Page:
Get Back on the Wellness Path

After a pandemic pause, the employee wellness program returns with ways to improve health and well-being

Fitness programs such as the Run/Walk Club are popular parts what LIVE FOR LIFE, Duke's employee wellness program, offers.
Fitness programs such as the Run/Walk Club are popular parts what LIVE FOR LIFE, Duke's employee wellness program, offers.

Last spring, Jason Leymeister completed “Success Over Stress,” a self-paced, virtual resource offered by Duke’s employee wellness program. 

Duke Patient Revenue Management Organization's Jason Leymeister.The skills came in handy for Leymeister, who had completed a master’s degree in business analytics through University of North Carolina at Pembroke and transitioned to a new position as a manager in Duke’s Patient Revenue Management Organization.

For him, learning how to spot and address warning signs of being overstressed, gave him the skills needed to better take care of his own wellness and be helpful to colleagues around him.

“I think of these skills as just part of your toolkit,” Leymeister said. “You can teach people a lot of skills, but when you find yourself in a situation where you’re dealing with stress, or overwhelmed with work, you may break down. So it’s helpful to teach people things like this so they can look out for each other and look out for themselves.”

When the COVID-19 pandemic emerged in the spring of 2020, many of Duke’s health and wellness programs run by LIVE FOR LIFE, the employee wellness program, were paused to respond to the public health crisis. The program’s 10 full-time staff members were redeployed as employee contact tracers, an essential piece to Duke’s strategy for combatting the virus.

But as the number of COVID-19 cases in Duke workforce has declined, the LIVE FOR LIFE team has been able to revive some popular virtual programs:

  • Food Matters, a live online discussion with LIVE FOR LIFE dieticians will be held on the fourth Wednesday of each month beginning July 28 through end of December. Upcoming sessions cover such topics as the benefits of a balanced plate and meal planning to mindfulness for managing hunger cues. “COVID caused us to start this program and we realized that people really seemed to like it,” Registered Dietitian and LIVE FOR LIFE Health Coach Annie Scott said about the program, which began in spring of 2020. “It seemed like a helpful thing so we decided it would be good to try it again this year.”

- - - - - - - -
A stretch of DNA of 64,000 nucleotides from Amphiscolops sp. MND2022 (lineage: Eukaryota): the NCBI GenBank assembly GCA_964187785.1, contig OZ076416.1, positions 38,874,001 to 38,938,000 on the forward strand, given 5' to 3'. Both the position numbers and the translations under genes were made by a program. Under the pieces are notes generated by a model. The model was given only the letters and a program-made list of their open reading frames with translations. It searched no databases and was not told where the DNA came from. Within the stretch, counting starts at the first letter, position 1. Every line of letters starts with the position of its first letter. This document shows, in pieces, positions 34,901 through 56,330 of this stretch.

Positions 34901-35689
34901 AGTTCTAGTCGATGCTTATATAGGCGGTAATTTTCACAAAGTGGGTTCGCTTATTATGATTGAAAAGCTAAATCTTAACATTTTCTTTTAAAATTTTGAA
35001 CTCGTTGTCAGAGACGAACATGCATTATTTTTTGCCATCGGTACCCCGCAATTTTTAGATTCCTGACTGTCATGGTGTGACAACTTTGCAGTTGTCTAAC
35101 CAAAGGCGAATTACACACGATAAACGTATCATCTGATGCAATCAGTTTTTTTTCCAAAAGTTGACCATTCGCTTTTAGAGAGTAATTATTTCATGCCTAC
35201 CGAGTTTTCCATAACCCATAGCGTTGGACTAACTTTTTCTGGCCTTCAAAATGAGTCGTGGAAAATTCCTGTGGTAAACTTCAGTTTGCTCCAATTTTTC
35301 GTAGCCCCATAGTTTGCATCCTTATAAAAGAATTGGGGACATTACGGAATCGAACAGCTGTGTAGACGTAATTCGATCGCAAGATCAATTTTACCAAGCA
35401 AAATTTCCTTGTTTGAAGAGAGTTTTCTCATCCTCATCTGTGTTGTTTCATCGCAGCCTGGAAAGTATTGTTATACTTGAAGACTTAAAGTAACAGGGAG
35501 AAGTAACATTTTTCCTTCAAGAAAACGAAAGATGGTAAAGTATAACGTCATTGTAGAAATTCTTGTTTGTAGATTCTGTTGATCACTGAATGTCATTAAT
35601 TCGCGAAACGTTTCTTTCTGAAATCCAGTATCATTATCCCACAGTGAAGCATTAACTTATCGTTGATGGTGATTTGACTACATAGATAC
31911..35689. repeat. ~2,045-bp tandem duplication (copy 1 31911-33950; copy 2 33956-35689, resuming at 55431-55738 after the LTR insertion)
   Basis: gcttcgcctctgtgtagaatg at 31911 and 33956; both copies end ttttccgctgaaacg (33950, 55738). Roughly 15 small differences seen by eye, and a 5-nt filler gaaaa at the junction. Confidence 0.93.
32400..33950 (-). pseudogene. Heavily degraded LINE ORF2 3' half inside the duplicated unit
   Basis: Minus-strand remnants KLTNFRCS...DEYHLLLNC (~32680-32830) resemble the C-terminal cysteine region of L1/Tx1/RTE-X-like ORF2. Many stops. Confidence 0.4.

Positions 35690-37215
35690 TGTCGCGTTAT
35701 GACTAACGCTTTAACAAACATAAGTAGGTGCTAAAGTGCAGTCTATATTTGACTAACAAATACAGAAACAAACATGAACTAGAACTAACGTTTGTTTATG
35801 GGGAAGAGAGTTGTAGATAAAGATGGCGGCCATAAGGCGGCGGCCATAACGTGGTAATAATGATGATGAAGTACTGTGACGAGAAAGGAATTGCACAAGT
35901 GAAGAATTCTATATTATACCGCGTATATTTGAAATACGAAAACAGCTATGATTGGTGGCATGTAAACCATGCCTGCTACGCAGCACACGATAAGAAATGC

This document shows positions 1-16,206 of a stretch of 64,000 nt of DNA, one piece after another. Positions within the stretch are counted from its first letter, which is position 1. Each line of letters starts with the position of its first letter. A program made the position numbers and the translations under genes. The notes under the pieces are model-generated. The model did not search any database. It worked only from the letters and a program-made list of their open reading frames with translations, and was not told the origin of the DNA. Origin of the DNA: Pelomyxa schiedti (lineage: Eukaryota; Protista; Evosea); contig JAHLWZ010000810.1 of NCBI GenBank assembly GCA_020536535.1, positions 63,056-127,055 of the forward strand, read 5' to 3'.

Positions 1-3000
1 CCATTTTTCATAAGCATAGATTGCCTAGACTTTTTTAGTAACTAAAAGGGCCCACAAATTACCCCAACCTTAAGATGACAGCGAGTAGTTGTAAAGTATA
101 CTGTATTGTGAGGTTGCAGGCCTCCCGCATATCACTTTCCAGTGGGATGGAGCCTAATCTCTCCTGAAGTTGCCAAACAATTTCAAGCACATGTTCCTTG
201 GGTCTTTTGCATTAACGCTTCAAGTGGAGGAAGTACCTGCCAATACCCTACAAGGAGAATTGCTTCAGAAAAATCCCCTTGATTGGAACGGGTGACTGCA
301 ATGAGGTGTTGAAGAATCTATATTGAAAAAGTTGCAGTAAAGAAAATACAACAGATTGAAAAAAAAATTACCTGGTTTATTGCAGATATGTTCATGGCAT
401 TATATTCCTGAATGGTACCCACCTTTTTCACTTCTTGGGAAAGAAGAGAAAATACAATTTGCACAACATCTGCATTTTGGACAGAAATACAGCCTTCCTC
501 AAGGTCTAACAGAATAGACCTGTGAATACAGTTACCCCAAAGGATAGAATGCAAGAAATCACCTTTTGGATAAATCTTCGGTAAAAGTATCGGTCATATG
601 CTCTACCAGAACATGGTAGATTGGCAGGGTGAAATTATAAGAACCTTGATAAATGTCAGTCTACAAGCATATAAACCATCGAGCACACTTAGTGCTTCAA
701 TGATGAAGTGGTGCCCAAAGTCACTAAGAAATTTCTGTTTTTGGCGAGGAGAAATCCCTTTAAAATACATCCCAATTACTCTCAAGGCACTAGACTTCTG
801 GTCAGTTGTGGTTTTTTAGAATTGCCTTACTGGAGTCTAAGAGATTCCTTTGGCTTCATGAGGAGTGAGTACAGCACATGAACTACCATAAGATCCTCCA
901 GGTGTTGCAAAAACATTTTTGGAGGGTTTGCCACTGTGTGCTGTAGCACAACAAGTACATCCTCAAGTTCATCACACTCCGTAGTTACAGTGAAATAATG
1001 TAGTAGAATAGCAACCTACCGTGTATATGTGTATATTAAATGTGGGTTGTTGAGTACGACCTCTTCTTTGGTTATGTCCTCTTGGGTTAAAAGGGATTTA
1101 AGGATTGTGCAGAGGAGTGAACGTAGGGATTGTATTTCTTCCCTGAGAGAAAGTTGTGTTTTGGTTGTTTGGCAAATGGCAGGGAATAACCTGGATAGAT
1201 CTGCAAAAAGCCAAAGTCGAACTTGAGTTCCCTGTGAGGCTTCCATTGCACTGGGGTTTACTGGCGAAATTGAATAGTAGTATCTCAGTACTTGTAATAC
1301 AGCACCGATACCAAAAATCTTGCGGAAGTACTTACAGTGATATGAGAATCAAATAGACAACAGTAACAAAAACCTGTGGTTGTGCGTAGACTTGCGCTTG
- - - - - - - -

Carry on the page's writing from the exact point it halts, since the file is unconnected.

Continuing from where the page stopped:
• Teams across Duke can request “Mind Your Health” virtual webinars, 15-minute online events on topics such as stress management, healthy lunches, fitting in fitness, quitting tobacco, diabetes awareness and more. 
  • By enrolling in the Mobile Farmers Market, staff and faculty can receive a box of fresh produce provided each week from any one of four local farms. Users can choose options that offer on-campus pick-up or home delivery.

Other initiatives such as the Duke Run/Walk Club – which will be held virtually this fall – and “Fit in 15” and “Maintain Don’t Gain” are available.

LIVE FOR LIFE can offer guidance on exercise options, stress relief and healthy eating.In addition, virtual fitness and nutrition consultations with LIVE FOR LIFE coaches have returned and, provided COVID-19 numbers continue to trend in a positive direction, in-person consultations could return this fall.

“Just returning to a sense of normalcy can help support people through some of the difficulties they’ve faced during the last year, especially around their health,” said Julie Joyner, program coordinator for LIVE FOR LIFE. “I think people were stressed, they felt isolated, and it affected their health. To be able to go back and provide support for people getting healthy again is awesome.”

For Leymeister, the Success Over Stress program he took through LIVE FOR LIFE is still paying dividends. 

While he knew the basic ideas, the program helped him gain a deeper understanding of why it’s important to keep work stress from bleeding into your home life, and how being persistent and sincere when asking colleagues how they are doing can help feel them comfortable to speak up when they need help.

“A lot of people may inherently have these tools, but they need help and education to bring them along,” he said. “Any time you can add to people’s toolkits, it’s going to help those people and help the institution.”

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